Half the thickness makes a lot of sense for the simplest reason that it means the machine setup is the same for all pieces. The 'KISS' principle in all its glory!
If you want to complicate your life you could go with this... Woodwork - Bridle Joint information and Pictures
That's the secret. The closer you get to the middle, the better the joint will look, otherwise you'll have to sand, sand, sand, sand, sand to even it up. Get Terrie Noll's "Joint Book" for the last word on all kinds of joints. I'll be using lap joints to make stage scenery flats, and hitting the half way point precisely is important when you have from 6 to 8 joints per flat. You don't want to do much hand work. Glue on a lap joint will make it almost impossible to break.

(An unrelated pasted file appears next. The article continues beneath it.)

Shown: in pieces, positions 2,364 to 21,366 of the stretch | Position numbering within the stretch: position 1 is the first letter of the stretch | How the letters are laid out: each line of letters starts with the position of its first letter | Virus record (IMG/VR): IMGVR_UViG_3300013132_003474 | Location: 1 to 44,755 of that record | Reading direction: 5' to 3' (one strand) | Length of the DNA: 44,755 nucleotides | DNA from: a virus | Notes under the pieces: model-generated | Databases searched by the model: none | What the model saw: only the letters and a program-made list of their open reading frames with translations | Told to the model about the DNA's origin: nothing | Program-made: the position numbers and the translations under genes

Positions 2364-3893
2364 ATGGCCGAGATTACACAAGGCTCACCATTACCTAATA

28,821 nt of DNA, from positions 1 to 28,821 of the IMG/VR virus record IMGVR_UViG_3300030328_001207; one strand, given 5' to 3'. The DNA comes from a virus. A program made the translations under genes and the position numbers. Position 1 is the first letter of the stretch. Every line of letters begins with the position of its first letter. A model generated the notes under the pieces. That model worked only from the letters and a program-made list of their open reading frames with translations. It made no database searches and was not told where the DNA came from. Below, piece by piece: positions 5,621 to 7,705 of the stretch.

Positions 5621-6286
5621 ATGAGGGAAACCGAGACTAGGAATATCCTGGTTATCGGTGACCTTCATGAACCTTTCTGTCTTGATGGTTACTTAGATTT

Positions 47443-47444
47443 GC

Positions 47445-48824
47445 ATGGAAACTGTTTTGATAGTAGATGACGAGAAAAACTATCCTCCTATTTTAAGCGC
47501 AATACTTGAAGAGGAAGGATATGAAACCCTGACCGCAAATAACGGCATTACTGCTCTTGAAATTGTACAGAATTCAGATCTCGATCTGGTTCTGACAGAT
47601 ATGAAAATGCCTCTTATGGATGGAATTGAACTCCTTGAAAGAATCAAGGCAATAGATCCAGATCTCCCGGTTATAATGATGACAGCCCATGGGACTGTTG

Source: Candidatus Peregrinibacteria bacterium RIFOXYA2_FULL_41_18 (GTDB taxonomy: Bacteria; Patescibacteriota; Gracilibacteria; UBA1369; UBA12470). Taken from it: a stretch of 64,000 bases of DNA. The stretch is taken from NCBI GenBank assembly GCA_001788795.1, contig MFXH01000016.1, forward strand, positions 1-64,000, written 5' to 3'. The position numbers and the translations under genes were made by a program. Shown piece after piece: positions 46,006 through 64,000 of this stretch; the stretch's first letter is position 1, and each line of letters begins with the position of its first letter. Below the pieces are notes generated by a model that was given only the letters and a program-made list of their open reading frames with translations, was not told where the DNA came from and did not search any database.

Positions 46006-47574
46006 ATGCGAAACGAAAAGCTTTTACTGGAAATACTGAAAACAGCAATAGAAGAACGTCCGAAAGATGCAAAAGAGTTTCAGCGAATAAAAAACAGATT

A video I saw a couple of years ago had the builder cutting to the half way mark with a Japanese pull saw, and using that line to guide the router. Flats are made of soft pine so he just plows through, but with hard woods, you'd want to take off layers.
I saw a recent post that showed a very large mortising bit that was just for this kind of flattening, but I can't find it just now.
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